NIH Director says J&J blood clotting issue a 'truly a rare event'

The director of the National Institutes for Health (NIH) said Sunday that the risk of a serious blood clotting issue posed by the Johnson & Johnson COVID-19 vaccine was truly rare, and disagreed with calls from some for it to not be administered to women.

In an interview with "Meet the Press," Francis Collins was asked to respond to comments from Leana Wen, a CNN health contributor and former health commissioner for the city of Baltimore, who called for the J&J vaccine to not be administered to women under age 65.

"I think she's in the minority compared to the decision that was put forward by the Advisory Committee on Immunization Practices of [Centers for Disease Control], which met for an entire day on Friday and went over all of the data, documenting a total of some 13 cases of this rare form of blood-clotting out of some eight million doses of the J&J vaccine that had been administered," Collins said of Wen.

"The strong conclusion of that group was that the vaccine should go forward. It should be made available to everybody," she continued, adding: "But there should be a fact sheet that provides the information to everybody to understand what the nature is of this potential very rare side effect so that everyone is aware of the facts."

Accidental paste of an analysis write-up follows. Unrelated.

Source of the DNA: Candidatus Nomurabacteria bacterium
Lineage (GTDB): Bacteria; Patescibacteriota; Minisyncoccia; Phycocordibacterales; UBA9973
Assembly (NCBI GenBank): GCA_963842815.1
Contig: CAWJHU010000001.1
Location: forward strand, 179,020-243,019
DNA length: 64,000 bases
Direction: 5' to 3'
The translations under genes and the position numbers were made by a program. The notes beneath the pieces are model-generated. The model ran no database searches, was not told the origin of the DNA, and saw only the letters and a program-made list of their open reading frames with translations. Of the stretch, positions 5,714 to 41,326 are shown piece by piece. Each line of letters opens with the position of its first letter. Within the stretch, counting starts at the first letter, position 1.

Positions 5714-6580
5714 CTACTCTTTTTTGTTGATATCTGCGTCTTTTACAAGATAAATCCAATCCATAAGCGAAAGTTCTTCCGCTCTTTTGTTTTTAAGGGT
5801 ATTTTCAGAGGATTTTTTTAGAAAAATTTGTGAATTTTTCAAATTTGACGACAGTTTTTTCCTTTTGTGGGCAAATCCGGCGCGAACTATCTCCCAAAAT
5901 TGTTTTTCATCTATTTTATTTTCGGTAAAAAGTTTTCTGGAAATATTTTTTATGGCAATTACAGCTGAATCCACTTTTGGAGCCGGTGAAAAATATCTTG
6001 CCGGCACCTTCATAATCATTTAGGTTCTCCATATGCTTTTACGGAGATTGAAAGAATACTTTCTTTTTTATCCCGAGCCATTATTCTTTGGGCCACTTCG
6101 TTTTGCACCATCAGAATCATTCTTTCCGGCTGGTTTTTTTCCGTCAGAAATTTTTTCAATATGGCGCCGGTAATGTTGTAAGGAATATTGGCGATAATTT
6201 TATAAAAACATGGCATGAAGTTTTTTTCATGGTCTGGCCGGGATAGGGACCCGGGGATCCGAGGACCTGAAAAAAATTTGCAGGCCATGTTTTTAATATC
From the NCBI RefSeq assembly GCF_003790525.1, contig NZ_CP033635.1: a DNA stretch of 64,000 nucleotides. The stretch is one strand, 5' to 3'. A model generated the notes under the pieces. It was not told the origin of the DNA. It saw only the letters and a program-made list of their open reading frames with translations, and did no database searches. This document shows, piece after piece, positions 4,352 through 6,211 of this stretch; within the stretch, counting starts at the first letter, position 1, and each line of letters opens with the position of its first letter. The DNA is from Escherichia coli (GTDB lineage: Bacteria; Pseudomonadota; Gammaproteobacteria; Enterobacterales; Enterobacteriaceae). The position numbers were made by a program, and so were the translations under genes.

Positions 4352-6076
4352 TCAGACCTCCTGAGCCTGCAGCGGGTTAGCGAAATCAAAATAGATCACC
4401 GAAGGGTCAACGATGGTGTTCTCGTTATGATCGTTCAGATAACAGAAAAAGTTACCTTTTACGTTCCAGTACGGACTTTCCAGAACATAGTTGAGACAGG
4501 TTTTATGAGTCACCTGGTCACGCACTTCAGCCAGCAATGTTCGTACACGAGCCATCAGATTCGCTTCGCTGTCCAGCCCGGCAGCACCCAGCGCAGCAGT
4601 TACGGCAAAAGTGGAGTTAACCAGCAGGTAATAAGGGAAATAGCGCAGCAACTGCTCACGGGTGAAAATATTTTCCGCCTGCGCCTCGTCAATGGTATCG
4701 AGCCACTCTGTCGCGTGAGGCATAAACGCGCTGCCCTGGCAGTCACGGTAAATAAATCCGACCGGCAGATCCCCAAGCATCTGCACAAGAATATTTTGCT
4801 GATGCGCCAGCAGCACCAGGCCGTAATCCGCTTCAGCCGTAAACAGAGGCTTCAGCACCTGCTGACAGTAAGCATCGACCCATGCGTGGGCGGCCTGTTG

Collins went on to add that there was "no comparison" between the mortality risks associated with COVID-19 and the risk of developing a severe blood clotting issue linked to the vaccine, which has not led to any reported deaths.

"[W]hen you consider the nature of this risk, this is truly a rare event. And when you measure that against the benefits of preventing somebody from dying of COVID, there's no comparison," she said.

Her comments follow the CDC's decision this week to end a temporary pause in vaccinations using the J&J one-dose vaccine, a recommendation which the CDC put in place earlier this month.

While the vaccine will still be administered, Americans who receive it will also be given a fact sheet detailing the blood clot risk, while health professionals around the U.S. will receive instructions explaining how to treat cases of the clotting issue that may arise.